The following editorial first appeared in the Orlando Sentinel:
When the political autopsy on Congress’ supercommittee is complete, a contributing cause of death must include the no-tax pledge that’s infecting elected officials across the nation.
All six of the Republican senators and House members on the 12-member committee went into negotiations having taken an oath that they would never raise income tax rates on individuals or corporations. Nor would they ever eliminate tax deductions or credits unless matched by other tax reductions, so help them Grover.
Grover Norquist is the lord of tax policy to nearly half of the U.S. Congress. Forty-one senators and 238 House members have signed the pledge that Norquist peddles as head of Americans for Tax Reform.
On “60 Minutes” this week, Norquist described those who break the pledge as “rat heads in a Coke bottle,” and vowed to put his group’s formidable resources and influence against anyone who dared to exercise individual judgment and initiative when it comes to taxes.
Can anyone seriously suggest that the committee’s GOP members ever considered meaningful tax increases as part of the deficit reduction plan, and thus become rat heads in the eyes of Grover Norquist? Of course not. Neither would any other pledge-signer who values his or her political skin, including the 20 Florida signers.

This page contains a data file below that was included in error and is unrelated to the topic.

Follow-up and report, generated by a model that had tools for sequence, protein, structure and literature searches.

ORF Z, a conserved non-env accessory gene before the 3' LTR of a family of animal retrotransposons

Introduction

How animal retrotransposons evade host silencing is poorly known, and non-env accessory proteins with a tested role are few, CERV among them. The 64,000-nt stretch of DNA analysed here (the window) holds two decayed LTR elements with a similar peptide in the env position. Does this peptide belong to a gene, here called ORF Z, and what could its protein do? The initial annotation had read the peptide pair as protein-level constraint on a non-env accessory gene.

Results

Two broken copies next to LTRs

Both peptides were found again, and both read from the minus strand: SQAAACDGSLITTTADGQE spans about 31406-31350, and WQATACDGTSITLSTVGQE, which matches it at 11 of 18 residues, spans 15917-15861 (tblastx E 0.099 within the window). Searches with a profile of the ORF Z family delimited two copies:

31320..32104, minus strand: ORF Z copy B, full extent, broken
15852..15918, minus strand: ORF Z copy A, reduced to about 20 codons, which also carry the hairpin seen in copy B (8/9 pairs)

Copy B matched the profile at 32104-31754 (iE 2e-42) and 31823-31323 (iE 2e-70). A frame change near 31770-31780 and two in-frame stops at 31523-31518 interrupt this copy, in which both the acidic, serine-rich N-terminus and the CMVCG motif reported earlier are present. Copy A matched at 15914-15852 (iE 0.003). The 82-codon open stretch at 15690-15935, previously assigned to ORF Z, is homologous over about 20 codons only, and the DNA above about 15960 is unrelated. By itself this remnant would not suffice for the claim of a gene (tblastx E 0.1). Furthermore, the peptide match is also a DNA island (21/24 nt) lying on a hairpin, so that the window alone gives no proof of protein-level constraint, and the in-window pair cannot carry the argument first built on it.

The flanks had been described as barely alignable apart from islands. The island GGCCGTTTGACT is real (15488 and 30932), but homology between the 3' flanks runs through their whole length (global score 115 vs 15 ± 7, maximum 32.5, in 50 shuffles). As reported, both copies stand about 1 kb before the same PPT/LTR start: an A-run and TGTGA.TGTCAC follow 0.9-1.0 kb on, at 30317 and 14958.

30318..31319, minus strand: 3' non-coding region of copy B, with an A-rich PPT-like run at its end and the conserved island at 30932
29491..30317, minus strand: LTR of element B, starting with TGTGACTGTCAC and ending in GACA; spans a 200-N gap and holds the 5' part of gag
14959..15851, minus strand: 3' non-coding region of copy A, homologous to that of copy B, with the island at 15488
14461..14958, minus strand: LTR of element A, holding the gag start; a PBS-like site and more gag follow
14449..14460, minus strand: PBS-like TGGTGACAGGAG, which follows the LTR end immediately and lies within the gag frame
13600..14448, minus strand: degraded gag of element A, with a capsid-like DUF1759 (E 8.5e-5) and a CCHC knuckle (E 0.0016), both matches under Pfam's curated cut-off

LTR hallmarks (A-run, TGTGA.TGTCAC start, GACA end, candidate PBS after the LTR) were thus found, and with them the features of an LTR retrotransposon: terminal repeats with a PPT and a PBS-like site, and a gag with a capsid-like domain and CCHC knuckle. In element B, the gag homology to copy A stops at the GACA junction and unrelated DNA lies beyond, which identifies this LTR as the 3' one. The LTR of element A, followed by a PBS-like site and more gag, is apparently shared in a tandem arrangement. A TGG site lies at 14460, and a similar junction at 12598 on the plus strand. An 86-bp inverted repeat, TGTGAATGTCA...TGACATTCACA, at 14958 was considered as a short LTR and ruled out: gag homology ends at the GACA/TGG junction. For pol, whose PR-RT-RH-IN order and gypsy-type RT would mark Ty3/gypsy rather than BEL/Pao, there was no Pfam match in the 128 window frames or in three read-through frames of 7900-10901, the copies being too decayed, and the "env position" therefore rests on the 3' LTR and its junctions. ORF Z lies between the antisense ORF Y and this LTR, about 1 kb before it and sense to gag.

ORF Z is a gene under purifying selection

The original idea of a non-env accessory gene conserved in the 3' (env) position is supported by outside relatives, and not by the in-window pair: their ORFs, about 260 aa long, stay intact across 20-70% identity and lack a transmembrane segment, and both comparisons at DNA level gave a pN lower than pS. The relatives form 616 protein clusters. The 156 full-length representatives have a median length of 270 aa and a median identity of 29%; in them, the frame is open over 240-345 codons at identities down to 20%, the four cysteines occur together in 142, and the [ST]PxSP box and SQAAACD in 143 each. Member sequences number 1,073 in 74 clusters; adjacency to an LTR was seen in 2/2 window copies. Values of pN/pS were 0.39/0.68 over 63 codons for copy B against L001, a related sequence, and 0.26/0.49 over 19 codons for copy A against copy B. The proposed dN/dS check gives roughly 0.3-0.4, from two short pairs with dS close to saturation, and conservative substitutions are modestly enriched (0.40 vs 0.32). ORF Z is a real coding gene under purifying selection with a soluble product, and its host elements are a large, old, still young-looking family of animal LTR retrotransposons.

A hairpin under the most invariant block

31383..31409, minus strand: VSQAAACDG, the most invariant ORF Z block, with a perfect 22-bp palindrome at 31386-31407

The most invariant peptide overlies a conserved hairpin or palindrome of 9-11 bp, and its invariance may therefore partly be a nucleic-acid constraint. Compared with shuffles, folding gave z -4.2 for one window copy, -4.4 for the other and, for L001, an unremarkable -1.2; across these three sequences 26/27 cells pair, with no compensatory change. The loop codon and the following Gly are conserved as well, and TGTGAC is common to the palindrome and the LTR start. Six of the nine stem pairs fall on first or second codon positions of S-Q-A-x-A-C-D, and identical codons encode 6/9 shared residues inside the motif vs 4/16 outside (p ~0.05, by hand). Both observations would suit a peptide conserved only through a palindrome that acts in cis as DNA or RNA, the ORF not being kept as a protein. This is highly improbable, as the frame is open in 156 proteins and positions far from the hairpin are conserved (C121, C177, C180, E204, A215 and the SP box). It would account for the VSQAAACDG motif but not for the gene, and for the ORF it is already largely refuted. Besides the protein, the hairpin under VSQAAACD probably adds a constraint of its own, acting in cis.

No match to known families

Unsatisfied with handcuffing just Congress, Norquist has extended his no-taxes-no-how campaign to state lawmakers. In Florida, 41 legislators and Gov. Rick Scott have bent the knee to Norquist.
The state pledge is even simpler than the federal version, making no stated exception for tax trades. Instead, it states, “I will oppose and vote against any and all efforts to increase taxes.”
Boom! Done! And if Miami gets wiped out by a Category 5 hurricane and Citizens goes belly-up? The book of Norquist coldly commands: “In the unfortunate event of a real crisis or natural disaster, legislators should cut spending in other areas instead of aggravating the situation.”
The pledge also could derail a business-backed move to start collecting sales tax from online-only retailers like Amazon. Even though Floridians already are supposed to pay such taxes by self-reporting (no one does), Senate President Mike Haridopolos (a pledger) is nervous that shifting the responsibility from consumers to retailers might constitute a tax increase.
He might be more cheerful about the prospect if there’s a corresponding tax decrease in, say, the corporate income tax. That could get Norquist’s blessing, so long as any extra money doesn’t go to wasteful government programs, like education.